At the starting line with Doug. PC: Rebecca Thomas

I wasn’t super nervous at the starting line. I think it’s because 100 miles is such a daunting task that I can’t wrap my mind around it. All I can do is start running when it begins and take the race a bit at a time as it unfolds before me.

After the race began, Doug and I ran along in the dark. We didn’t have headlamps but there was enough pre-sunrise light and light from other runners’ headlamps that we were fine. We only ran together for a few miles before I drifted ahead at a comfortable pace. I wasn’t sure if that was a good idea since Doug is so much more experienced than me. Still, I did my best to keep my effort easy and stay within my own ability.

It was a solid climb to the first aid station, Hobart, at 7 miles. I moved through the aid station fast. I was using the GU Roctane Energy Mix in my bottles to get a base amount of calories. I just had to get to my drop bag, put the mix in the bottle, fill with water, maybe grab some small food items, and I was on my way. I’m usually good about getting enough fluid. I knew that if I could at least drink a bottle per hour, it would help make sure I got in at least a base amount of calories and it would help maintain my energy level. Plus, I could supplement with gels, food, and such without getting fuel fatigue.

The views from the course weren’t too bad

The next 5 miles to Tunnel Creek had such beautiful views on the lake as we ran along smooth singletrack. After Tunnel Creek was the Red House loop, which included some steep and technical (at times) downhill. The bottom of this loop is the lowest portion of the race altitude-wise. There were a few streams to cross near the bottom. The last time I ran this course, doing the 50 miler, I could simply jump over these streams. This year, there was so much snow melt that the streams were much larger. I couldn’t jump all the way over them. I had to ford through them with the water above my knees at times. My feet, shoes, and socks were completely soaked. Fortunately, I packed extra socks at my Tunnel Creek dropbag. However, by the time I returned to Tunnel Creek my shoes and socks were nearly completely dry so opted to not change them at that time.

No way around it, go straight across

Next, I did quite a bit more climbing up to the Bull Wheel aid station and then some fun downhill into the Diamond Peak aid station at mile 30. I saw my friends Kris and Shannon at the aid station. They’re both ultrarunners themselves and they helped me get my stuff, refuel, and take care of things quickly. Kris asked some really good, direct questions about how I was doing.

Me at Diamond Peak aid station. PC: Kristopher Cargile

After leaving that aid station, I began a 1,700 ft climb in under 2 miles. It’s a sandy dirt road. I grabbed my trekking poles at the Diamond Peak aid station for this climb. I just dug in, put one foot in front of another, and got it done. It was funny when I looked back at the runners going up it and nobody looked happy, haha.

The start of the climb.В PC: Kristopher Cargile

I should say that the weather was perfect for this race. It was warm during the day and it wasn’t too cold at night. It felt so good at night. It didn’t rain and there was even a nice breeze at times.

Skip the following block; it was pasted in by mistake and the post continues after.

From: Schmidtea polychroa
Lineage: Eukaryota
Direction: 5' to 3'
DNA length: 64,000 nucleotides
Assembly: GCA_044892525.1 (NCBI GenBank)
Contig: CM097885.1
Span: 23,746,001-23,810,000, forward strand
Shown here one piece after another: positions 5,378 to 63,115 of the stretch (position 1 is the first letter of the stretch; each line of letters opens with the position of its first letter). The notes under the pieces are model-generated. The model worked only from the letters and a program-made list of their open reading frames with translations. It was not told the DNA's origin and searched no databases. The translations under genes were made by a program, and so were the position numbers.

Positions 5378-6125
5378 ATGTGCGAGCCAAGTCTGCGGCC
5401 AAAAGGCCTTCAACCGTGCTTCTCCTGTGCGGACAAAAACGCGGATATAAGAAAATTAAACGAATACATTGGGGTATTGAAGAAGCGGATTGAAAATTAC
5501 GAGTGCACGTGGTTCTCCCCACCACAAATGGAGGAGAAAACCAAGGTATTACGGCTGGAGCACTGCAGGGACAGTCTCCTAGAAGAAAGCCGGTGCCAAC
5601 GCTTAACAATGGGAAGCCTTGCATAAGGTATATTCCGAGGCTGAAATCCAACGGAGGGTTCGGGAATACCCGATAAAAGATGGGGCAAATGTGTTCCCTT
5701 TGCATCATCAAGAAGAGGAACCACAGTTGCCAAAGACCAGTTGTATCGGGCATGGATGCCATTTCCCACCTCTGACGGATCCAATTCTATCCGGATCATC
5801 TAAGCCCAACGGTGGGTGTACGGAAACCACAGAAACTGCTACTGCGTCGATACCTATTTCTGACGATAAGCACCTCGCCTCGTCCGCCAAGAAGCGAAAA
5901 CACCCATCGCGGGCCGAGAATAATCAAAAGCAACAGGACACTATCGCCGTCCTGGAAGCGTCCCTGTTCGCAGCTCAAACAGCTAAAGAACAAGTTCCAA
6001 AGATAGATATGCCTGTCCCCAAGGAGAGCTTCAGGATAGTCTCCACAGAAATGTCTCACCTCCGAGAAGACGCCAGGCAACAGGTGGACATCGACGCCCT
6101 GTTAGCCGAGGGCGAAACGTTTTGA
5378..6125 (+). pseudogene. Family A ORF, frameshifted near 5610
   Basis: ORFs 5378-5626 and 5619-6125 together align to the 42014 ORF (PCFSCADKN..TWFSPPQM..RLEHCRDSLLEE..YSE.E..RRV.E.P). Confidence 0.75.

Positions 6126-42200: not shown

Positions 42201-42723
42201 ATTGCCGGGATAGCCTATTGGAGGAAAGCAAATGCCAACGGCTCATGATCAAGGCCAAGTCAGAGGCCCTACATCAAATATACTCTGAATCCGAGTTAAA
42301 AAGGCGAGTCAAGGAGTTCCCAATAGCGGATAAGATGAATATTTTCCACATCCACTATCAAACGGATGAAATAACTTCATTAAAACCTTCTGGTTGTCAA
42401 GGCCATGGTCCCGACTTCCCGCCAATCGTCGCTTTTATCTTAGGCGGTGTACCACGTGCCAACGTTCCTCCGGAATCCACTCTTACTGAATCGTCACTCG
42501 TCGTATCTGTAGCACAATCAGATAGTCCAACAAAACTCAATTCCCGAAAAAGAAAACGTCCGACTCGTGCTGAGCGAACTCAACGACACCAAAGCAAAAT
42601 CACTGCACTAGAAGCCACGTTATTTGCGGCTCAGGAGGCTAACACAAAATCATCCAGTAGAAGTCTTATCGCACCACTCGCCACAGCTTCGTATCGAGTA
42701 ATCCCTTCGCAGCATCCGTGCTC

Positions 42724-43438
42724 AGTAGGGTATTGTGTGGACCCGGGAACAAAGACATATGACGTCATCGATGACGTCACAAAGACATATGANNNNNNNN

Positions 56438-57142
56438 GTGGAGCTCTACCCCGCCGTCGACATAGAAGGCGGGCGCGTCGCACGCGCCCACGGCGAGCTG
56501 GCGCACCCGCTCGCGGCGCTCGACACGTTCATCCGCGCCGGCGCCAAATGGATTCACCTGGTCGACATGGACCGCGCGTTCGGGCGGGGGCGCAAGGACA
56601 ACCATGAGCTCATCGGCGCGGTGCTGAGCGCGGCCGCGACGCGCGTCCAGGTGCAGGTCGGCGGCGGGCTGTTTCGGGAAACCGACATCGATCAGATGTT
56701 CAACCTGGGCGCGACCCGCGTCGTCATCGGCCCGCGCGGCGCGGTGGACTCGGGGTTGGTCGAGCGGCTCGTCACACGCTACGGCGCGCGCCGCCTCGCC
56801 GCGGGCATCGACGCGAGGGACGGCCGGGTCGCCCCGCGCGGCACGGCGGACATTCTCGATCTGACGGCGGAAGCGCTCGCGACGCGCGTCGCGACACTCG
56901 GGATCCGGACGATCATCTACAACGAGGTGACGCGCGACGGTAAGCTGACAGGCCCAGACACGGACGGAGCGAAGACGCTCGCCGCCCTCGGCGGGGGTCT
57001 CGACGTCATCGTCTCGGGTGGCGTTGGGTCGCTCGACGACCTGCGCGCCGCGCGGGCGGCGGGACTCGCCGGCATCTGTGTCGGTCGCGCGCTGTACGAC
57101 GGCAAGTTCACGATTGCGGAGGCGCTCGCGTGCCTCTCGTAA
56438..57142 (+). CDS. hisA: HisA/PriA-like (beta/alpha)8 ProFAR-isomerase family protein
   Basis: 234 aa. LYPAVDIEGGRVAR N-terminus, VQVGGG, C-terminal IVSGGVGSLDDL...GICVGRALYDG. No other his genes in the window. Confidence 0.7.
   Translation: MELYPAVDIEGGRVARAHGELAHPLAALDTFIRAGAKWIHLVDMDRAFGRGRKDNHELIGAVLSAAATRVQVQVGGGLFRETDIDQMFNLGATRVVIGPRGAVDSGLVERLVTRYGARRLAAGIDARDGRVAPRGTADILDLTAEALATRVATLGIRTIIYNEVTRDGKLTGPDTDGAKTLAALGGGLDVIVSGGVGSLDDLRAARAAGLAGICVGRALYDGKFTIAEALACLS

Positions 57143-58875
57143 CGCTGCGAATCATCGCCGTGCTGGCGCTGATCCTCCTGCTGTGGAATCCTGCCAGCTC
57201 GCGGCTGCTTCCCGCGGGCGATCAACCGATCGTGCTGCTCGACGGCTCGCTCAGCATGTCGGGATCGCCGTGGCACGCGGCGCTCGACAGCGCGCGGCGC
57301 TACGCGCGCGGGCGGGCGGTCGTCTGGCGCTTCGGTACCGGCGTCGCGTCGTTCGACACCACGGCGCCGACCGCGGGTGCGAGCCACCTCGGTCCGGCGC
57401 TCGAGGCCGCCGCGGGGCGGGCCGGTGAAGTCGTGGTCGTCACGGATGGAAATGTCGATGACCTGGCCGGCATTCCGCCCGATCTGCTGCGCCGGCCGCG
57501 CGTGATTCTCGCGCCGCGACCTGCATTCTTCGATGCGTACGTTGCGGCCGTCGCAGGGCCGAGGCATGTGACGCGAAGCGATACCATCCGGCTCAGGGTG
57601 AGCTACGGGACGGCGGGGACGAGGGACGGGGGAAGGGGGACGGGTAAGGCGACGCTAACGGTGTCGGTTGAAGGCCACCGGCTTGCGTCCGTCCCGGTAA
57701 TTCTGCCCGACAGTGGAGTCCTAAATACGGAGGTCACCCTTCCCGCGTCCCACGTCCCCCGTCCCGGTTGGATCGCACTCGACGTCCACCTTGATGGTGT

The run back to Tunnel Creek and Hobart went well. I enjoyed the views coming the other way. There were also quite a few snow fields to cross near Hobart and near Diamond Peak. The snow was tough to run on because this isn’t something I have much experience with in Las Vegas. I did slip and fall on one of the snow fields and hurt my knee a bit. On the way back, the poles helped with crossing the snow fields. Still, there was one part where it was steep and the footing was poor, so I had to slide down the snow on my booty, haha.

Snow fields like this. PC: Maia Detmer

After Hobart, I headed toward Snow Valley Peak. It was a tough (but not too bad) climb up to the next aid station. The views up there were spectacular. I loved it. It was cool because the Boy Scouts were running the aid station. They used binoculars to spy my bib # and when I got there, one of them called me by name saying, “Stephen, what do you need?”

The descent from the peak was nice and speedy except for the part where I tripped and somersaulted to the side of the trail. It was a steep descent off the side of the trail, but fortunately not a sheer cliff. I’m also happy that when I tripped, I chose to roll on some wildflowers as I rolled down the hill a bit. After I got up and ran again, I noticed there were some sections with big rocks that would have been much worse places to fall (whew).

Beautiful. Photo Credit: Rebecca Thomas

After getting to the 50 mile aid station, I could hear the 50 mile runners finishing their races at the finish line nearby. I actually found out that my friend, Maia, finished her 50 miler as I was leaving that aid station. It was tough mentally to think about doing that whole 50 mile course a second time. At the 30 mile, 80 mile, and here at the 50 mile aid station, I had reception on my phone. So, I would check messages, read Facebook for words of encouragement, and let friends and family know where I was at and how I was doing. My friends Kris and Rob teased me about checking my phone mid-race. Still, doing this as I walked out of the 50 mile aid station helped me space out a bit to avoid thinking about embarking on the next 50 miles. Before I knew it, I was well on my way into the second half of the race.

As night fell, some mosquitoes came out. After I saw some, of course, every itch I felt was a mosquito in my mind, haha. I’m even itching while writing/thinking about this. When I got to the next aid station, I asked for some bug spray. I told the volunteer, “The mosquitoes love my calves, but can you blame them, knowmsayin?” She didn’t think that was funny but I did. Haha! That’s okay. Most of the time I’m laughing at my own jokes anyway.